Transmute has launched an initiative to bring the power of distributed ledger technology (DLT) to the enterprise.
Along with the launch, Transmute also announced it has received $1M in pre-seed funding.
“The rise of DLT is inevitable, and the shift to decentralized applications is going to be as disruptive to the enterprise as the transition to cloud computing was,” said Transmute CEO, Karyl Fowler. “During the transition to cloud, we saw a massive demand for tools that bridged existing IT investments with the next wave of development. With Transmute, enterprise development teams can use their existing resources to build safer, superior decentralized applications while retaining the scalability of centralized cloud providers. It’s really the best of both worlds.”
Transmute’s initial target customers are Fortune 1000 companies. These typically manage up to 1000 centralized applications as part of their workflows. So many presents immense data security challenges.
By integrating traditional centralized directories with the decentralized, distributed cryptography which powers blockchain, Transmute aims to make it possible for enterprises to deploy DLT when and where this delivers both value and security, yet using code enterprises have already written. It believes the initial use case will be Identity and Access Management (IAM). It hopes to launch Transmute ID later in 2019.
- integrate with cloud providers
- offer primary technical building blocks an open-source format
- include developer starter kits (for expediting proofs of concept as well as custom solutions).
“Breaches like Equifax are showing how vulnerable centralized infrastructures can be, and these infrastructures are commonplace across the enterprise,” said Transmute CTO, Orie Steele. “At the same time, the immense benefits of DLT and distributed cryptography come with a heavy setup cost and usability challenges. That’s why we’ve been focused on building a company that enables enterprise dev teams to solve their identity management problem and their application development problem, using code they’ve already written.”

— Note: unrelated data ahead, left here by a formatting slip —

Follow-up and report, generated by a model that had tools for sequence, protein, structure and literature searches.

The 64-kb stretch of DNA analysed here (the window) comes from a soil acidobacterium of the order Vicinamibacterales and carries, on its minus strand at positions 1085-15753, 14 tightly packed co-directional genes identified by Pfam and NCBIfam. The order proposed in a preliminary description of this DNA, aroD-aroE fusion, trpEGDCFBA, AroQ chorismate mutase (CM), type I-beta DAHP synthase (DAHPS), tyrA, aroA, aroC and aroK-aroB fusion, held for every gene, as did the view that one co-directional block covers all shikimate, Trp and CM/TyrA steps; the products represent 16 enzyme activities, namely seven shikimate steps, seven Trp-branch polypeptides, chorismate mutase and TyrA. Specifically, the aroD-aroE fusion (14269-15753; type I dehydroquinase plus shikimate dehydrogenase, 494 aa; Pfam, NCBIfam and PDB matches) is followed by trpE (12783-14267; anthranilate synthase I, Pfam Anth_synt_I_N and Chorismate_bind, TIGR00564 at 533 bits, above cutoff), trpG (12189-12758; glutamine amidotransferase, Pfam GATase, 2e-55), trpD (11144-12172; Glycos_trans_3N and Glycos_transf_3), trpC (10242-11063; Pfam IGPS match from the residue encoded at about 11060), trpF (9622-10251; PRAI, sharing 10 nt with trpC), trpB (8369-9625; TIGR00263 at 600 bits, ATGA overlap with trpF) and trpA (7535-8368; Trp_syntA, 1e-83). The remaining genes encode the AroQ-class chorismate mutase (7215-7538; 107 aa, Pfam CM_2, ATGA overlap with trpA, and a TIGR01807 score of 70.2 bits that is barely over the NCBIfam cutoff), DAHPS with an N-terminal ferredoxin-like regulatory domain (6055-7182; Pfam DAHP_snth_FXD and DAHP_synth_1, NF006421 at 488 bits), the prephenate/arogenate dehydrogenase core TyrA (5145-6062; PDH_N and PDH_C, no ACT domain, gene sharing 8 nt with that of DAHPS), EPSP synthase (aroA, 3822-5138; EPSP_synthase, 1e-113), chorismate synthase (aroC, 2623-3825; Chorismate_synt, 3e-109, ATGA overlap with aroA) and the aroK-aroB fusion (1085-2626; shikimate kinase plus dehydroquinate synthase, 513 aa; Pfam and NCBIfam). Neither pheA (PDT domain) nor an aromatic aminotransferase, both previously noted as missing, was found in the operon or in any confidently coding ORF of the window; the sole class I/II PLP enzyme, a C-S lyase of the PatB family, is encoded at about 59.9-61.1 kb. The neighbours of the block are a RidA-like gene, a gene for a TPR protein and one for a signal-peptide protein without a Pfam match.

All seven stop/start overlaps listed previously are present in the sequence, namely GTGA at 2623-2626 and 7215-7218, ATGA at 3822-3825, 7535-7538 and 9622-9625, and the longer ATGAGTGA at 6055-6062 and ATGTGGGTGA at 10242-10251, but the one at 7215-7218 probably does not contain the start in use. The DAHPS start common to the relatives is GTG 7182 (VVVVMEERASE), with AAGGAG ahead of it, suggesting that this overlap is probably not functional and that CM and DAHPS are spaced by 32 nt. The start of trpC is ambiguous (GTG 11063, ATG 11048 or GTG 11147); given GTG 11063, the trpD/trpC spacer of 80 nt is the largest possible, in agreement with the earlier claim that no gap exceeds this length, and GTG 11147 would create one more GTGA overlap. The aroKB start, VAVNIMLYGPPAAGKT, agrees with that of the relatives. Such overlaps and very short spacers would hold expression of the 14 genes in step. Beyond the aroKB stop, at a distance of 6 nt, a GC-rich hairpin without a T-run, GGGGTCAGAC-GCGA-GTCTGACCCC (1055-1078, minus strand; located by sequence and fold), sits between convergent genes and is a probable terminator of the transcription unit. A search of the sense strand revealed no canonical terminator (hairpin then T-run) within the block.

The Transmute platform
common operational language for both:
- providers (a user or node is a provider when they support the access of a mineral by a consumer)
- consumers (a user is a consumer when they access a mineral on the network).
The Platform offers an interface for managing standalone services, reviewing analytics, and performing backups. In addition to services, such as hosted IPFS and Ethereum nodes, Transmute provides hosted versions (of the decentralised platform) in order to assist users to get up and running quickly.
The Transmute Package Manager also:
- publishes and manages decentralized applications and services
- manages secrets – which enables developers to integrate with centralised providers using APIs based on the client-server security model
- applies to either public or private configurations
- provides developers monetisation opportunities for developing services or infrastructure.
Complementing this, the Transmute Protocol defines how users in a decentralised cloud network interact. The protocol has two key responsibilities:
- distribution, hosting, and execution of application code in a scaleable and secure manner
economic incentive creation (taking advantage of the ‘game-theoretic security properties’ of the network).
Enterprise Times: what does this mean
Transmute is a start-up, as evidenced by the relatively small US$1M pre-seed funding. Whether its objectives are attainable is for the future.
The potential attraction of the Transmute platform for enterprises is straightforward. If existing applications – and development skills – can become ‘blockchain-ed’, rather than requiring massive amounts of reworking or recreation or new skills, then the economics will speak for themselves.
Delivering this will be a major achievement for Transmute. Nevertheless, enterprises should investigate and judge for themselves.